Tag Archives: pedestrians

Adding Sidewalks Not a "Walk in the Park".

Unfortunately, a woman in a wheelchair was killed on Victoria Street in Kitchener. People are concerned that there are no sidewalks on the stretch of Victoria Street near her motel home. This is a serious problem but I do want to bring up some points about this issue.

First of all, the Region of Waterloo only took over the building of sidewalks on Regional roads a year ago. Before that it was the city responsibility. Yup, a sneaky upload of responsibility to the Region took place without the Mayor of Cambridge noticing.

The cost of building sidewalks on all the regional roads in the region would be $15 million dollars. To add this to the budget in one year would be an increase of 5% on the regional tax base, an increase of $71.15 added to the average tax bill on top of the 37 dollars of this year’s tax bill. That of course wouldn’t fly.

That being said, lack of sidewalks is a serious problem. How could we solve it?

First of all, many Regional roads are rural roads that don’t generally have sidewalks. This leaves the sections where the cities have grown out into rural areas and no sidewalks are available.

One thing the Region is now doing is adding sidewalks to new projects. This of course is the same idea as for cycling (which is a giant step forward from when I was first on council and no bike lanes were being built at all or very few on regional roads)

But I believe that we need a plan to fill in the missing sections of sidewalk just as we now have a plan to fill in the missing sections of bike lanes. The missing sections must be found and a multi-year plan put in place. A multi-year plan that may take some funds from the sacred gas tax funds is something we must look at seriously. We must have a comprehensive plan, not one that looks only at roads. Compared to 2000 when I came on council, a huge amount has been put into road repair, as it should. I voted for more money for road repairs and building roads. But when is enough  enough?

I suggest that we start with the locations where we know people in wheelchairs or other disabled like the blind live then move to other urban locations missing sidewalks.

Snowplowing is a continuing problem for clearing cycling lanes. I should point out that motorized wheelchairs are considered a vehicle and must ride on the road, so clearing major roads to the edge of the road is a must.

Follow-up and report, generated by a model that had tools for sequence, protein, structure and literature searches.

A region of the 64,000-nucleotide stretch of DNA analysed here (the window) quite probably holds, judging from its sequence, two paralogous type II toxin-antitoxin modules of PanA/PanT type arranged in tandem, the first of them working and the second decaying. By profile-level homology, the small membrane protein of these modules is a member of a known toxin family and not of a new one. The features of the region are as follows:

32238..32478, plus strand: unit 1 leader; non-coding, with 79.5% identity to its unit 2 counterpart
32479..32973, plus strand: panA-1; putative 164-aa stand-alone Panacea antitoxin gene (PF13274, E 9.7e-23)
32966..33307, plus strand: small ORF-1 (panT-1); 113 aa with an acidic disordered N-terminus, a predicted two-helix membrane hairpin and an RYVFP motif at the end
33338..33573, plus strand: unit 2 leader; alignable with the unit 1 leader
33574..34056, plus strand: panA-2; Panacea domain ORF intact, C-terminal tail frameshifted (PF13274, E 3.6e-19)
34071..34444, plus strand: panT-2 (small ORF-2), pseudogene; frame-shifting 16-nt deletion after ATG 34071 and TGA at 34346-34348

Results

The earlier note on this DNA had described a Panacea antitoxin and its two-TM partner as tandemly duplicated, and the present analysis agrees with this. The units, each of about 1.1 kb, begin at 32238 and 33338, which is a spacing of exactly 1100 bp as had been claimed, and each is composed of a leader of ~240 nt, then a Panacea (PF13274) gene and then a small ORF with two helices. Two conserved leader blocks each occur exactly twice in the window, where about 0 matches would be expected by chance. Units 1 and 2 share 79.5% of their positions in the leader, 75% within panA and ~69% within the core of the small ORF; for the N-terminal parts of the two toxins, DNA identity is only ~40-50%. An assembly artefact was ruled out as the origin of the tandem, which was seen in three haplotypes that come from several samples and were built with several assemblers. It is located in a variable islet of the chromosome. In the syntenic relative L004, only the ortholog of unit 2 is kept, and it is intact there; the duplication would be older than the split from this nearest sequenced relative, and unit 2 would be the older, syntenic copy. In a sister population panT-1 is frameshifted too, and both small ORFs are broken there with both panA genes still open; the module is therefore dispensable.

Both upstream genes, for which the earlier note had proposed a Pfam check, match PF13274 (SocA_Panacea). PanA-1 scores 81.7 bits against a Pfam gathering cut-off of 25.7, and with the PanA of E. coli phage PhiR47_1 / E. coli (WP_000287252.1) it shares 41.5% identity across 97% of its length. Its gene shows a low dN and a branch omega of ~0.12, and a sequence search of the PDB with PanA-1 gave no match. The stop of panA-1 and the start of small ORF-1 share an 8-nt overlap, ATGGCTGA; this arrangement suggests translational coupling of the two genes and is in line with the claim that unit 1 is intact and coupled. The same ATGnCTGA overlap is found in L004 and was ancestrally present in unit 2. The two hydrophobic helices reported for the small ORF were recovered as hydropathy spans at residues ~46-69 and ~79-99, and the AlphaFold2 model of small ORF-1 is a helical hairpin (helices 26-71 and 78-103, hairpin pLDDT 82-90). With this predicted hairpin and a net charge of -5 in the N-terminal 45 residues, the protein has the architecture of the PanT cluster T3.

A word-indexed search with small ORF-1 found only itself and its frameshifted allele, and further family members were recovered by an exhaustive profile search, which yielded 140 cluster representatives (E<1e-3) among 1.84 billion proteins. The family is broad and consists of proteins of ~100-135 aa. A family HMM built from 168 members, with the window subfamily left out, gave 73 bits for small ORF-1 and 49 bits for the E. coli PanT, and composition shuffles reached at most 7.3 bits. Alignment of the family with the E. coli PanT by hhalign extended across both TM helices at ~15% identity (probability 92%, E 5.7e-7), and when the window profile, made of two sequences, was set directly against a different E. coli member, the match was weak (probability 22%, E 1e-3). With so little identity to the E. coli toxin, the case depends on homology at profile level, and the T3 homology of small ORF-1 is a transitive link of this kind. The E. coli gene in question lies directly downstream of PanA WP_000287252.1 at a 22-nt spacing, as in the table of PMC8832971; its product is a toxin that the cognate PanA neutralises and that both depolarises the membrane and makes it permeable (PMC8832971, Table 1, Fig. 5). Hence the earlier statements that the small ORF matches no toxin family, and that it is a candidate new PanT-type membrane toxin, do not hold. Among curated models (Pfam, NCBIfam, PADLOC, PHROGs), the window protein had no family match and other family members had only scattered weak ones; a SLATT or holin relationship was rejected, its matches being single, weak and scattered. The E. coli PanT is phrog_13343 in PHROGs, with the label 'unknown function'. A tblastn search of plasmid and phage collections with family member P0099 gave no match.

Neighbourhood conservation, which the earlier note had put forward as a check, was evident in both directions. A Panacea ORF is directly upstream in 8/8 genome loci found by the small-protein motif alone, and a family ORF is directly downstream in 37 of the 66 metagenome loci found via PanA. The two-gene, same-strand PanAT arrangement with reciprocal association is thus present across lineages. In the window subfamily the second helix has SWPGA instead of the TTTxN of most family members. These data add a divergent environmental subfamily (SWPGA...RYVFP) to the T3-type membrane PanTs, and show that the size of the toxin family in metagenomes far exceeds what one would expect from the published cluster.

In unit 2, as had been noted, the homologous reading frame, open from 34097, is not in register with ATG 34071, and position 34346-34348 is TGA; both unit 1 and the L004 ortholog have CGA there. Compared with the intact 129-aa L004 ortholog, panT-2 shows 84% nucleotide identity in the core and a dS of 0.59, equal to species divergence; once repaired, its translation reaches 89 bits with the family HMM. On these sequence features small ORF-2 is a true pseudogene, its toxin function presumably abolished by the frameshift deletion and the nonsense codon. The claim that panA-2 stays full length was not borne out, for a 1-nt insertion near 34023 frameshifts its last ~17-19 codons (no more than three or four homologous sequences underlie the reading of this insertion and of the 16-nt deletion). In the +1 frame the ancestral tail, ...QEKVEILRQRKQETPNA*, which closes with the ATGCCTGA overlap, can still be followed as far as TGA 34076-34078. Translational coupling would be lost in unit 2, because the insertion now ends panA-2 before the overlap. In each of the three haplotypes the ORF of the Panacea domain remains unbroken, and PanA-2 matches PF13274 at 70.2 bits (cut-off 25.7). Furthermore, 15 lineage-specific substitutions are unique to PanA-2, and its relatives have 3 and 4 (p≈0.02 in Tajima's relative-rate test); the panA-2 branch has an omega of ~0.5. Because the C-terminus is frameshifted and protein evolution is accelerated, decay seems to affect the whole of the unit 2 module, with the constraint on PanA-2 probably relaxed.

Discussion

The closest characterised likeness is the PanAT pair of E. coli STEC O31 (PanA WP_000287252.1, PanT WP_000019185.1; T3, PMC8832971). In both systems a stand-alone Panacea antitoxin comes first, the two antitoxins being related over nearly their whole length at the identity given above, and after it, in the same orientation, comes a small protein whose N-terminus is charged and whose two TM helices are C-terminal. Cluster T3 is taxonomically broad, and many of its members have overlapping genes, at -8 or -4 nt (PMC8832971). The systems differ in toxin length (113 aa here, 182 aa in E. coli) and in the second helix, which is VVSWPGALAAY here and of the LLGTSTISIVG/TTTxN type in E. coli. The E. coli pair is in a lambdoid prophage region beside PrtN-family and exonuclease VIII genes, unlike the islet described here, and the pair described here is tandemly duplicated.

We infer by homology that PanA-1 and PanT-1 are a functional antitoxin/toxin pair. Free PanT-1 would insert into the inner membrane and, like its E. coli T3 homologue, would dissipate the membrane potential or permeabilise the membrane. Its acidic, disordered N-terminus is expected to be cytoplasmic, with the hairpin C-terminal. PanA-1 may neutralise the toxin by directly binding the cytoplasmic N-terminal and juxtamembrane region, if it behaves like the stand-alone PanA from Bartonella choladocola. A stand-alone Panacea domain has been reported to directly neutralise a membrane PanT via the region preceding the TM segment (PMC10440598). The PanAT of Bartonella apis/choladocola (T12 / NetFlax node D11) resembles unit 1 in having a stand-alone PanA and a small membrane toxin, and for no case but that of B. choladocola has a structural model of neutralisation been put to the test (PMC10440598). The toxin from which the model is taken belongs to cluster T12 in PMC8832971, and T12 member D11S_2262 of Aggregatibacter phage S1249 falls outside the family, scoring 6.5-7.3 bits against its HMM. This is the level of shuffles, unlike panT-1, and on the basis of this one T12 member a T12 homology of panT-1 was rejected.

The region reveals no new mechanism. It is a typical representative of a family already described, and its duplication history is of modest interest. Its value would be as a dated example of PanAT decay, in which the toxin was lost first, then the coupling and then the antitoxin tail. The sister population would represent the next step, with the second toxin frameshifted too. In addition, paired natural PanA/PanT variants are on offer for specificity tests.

And drivers! Watch out for reflective vests and pedestrians and bikes when you are driving. A pedestrian was recently killed at King and Conestoga Mall while crossing the street and there are sidewalks there.

Should cars stop for pedestrians?

On my way home from the region in my car today, I had to stop on Albert St. for several university students standing in the middle of the road. The traffic was stopped while a line of summer camp kids crossed the road and headed to the park. The university students were their counsellors.

Presently in Ontario, those councillors were disobeying the Highway Traffic Act because pedestrians do not have the right of way like they do in many other jurisdictions.

But Albert St. is so busy, they would not have been able to get the kids safely across the street or across the street at all if they had to wait for traffic to clear. They could, of course, gone to the pedestrian light a little further up the road.

This was an interesting moment for me as I had just finished a conversation with one of our planners who is on a provincial committee looking into making our province safer for pedestrians. Right now pedestrains have the right of way at roundabouts only and cars must stop for them.

The provincial committee is suggesting changing the traffic act so pedestrians always have the right-of-way. So the campers would be legal.

I wonder what it would do to jaywalking by-laws? Make them redundant, I guess.  In Waterloo, I can cross the street in downtown Waterloo  in mid-block without getting a ticket but in Kitchener, I would get a ticket.

Studies of pedestrians note that they tend to move in a diagonal pattern from store to store if say they are in a mall or on a quiet street.  Does the fact that I can cross mid-block in Waterloo while dodging traffic (though many politely stop) create another reason why Waterloo’s Uptown is healthier than downtown Kitchener?

Enforcing no bikes on sidewalks reduces riders

I had a chat with one of our traffic planners who lives in Guelph.  Guelph police are inforcing the no bicycles on sidewalks by-law. The result. Less people riding bikes.

Instead of riding on the road, people are going back to cars.  Her question to me: Do I want less people riding bikes and more riding cars?

Darn. Well of course I want more people riding bikes. 

Apparently 60 percent of riders ride on sidewalks at some point. Having had  trucks blow by me, I understand that riders just feel safer.

In fact, bicyclists are no safer on the sidewalk than on the road. Why? Most collisions occur at driveways and at corners.